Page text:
By Christian Wade | The Center Square
Cutting someone’s hair without a professional license is no longer a crime in New Hampshire under a bill signed by Gov. Chris Sununu.
The new law updates the state’s occupational license laws to exempt services “provided without remuneration” from license requirements for barbering, cosmetology, and esthetics. Sununu signed the legislation along with a dozen other bills on Thursday.
Under the previous law, cutting hair without a state license is a Class A misdemeanor, punishable by a fine up to $2,000 or one year in prison.
The previous restrictions covered other professions and banned anyone from hiring a person “to engage in a practice regulated by this chapter, unless such person then holds a valid license or a temporary permit issued by the board to practice the respective profession.”
While the law is meant to prohibit unlicensed barber shops and other underground operations, it also means that cutting your neighbors’ hair could technically get you arrested.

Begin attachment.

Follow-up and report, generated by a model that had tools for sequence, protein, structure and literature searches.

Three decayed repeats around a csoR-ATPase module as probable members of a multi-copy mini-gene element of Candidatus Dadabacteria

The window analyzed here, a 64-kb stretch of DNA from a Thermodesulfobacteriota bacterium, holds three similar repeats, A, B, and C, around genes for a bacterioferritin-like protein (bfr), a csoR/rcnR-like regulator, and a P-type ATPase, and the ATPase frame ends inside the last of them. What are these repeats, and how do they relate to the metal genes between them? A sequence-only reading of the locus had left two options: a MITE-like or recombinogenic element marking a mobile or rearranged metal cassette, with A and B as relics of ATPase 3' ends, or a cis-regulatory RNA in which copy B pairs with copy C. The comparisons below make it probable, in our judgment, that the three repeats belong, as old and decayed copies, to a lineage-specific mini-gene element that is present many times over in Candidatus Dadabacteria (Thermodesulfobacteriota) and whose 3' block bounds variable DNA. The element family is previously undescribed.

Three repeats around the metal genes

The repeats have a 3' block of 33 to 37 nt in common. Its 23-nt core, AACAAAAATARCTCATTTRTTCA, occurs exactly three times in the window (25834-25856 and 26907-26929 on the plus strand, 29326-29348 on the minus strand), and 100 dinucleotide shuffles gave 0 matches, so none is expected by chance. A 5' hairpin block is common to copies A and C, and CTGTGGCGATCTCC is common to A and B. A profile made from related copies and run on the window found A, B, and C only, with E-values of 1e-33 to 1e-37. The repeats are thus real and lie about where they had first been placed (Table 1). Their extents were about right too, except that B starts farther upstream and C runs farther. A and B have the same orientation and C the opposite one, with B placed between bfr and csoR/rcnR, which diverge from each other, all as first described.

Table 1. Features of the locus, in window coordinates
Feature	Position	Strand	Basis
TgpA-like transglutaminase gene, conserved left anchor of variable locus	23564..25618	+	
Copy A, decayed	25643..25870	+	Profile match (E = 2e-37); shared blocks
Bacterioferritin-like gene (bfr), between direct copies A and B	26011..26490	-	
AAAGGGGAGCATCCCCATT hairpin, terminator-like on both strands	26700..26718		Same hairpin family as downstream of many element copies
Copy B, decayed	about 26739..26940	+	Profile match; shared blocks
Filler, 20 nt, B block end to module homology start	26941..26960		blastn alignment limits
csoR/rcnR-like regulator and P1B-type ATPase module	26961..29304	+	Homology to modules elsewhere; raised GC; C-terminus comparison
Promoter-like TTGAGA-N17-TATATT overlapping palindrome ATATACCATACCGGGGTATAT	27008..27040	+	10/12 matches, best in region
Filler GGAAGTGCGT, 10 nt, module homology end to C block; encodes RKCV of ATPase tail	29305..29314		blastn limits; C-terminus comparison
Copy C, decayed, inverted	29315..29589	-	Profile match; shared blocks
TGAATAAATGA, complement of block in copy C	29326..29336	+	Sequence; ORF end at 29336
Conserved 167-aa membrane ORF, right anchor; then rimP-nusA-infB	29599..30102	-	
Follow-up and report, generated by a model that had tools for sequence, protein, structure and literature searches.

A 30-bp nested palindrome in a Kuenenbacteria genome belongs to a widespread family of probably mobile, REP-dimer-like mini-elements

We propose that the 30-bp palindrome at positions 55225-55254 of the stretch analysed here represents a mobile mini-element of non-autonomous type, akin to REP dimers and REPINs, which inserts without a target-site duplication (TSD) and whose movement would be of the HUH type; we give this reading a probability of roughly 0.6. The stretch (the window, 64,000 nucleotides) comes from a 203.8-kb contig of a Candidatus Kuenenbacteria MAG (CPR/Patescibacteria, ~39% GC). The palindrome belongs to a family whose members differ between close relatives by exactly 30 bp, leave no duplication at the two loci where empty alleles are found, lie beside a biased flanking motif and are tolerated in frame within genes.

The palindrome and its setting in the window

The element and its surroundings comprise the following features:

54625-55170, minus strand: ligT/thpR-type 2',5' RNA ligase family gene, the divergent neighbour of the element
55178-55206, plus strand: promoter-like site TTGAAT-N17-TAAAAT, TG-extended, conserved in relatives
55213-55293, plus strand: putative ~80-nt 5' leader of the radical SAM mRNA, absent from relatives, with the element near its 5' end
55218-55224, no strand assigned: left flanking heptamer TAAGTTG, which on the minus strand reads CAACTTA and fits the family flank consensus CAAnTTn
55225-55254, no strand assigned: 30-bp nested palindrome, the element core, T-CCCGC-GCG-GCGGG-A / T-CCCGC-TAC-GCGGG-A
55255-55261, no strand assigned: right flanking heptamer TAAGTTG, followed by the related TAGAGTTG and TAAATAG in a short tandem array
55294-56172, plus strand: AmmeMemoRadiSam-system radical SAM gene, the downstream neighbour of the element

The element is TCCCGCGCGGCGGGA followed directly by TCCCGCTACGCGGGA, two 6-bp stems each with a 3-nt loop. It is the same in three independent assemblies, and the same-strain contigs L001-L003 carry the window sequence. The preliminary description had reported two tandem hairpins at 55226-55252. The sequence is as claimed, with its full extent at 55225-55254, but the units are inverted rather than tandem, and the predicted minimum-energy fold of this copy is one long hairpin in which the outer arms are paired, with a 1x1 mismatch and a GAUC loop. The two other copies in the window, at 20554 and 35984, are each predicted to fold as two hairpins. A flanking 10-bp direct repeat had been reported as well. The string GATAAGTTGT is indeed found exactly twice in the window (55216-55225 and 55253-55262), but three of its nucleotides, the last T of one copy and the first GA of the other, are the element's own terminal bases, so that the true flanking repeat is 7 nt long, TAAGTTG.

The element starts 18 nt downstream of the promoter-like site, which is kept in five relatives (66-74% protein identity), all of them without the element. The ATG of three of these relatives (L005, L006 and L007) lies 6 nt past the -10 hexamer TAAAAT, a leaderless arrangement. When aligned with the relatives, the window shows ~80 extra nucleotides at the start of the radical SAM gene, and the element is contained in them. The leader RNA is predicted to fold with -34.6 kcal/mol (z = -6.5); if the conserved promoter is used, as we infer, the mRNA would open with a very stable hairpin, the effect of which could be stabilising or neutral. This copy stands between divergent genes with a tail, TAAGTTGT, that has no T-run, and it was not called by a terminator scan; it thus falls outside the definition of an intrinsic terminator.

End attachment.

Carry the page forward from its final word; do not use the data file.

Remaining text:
The regulations became an issue during the pandemic when barbershops and hair stylists were forced to close to prevent spread of the coronavirus, leaving people with a few options to get a haircut.
The bill’s primary sponsor, Rep. Carol McGuire, R-Epsom, said in recent testimony on the bill that during the pandemic – when hair stylist shops were closed – the restrictions turned people trying to help family, friends or neighbors into criminals just by cutting their hair or trimming their nails.
McGuire and other supporters of the changes say the antiquated law was an affront to the Granite State’s “Live Free or Die” motto.
The measure was opposed by cosmetology groups, who argued that it would provide an opportunity for unlicensed barber shops and other illegal businesses to proliferate.
But the effort to lift the restrictions won support from many conservative groups such as Americans for Prosperity New Hampshire, which called the changes a “sensible step to eliminate the criminalizing of cosmetology without pay.”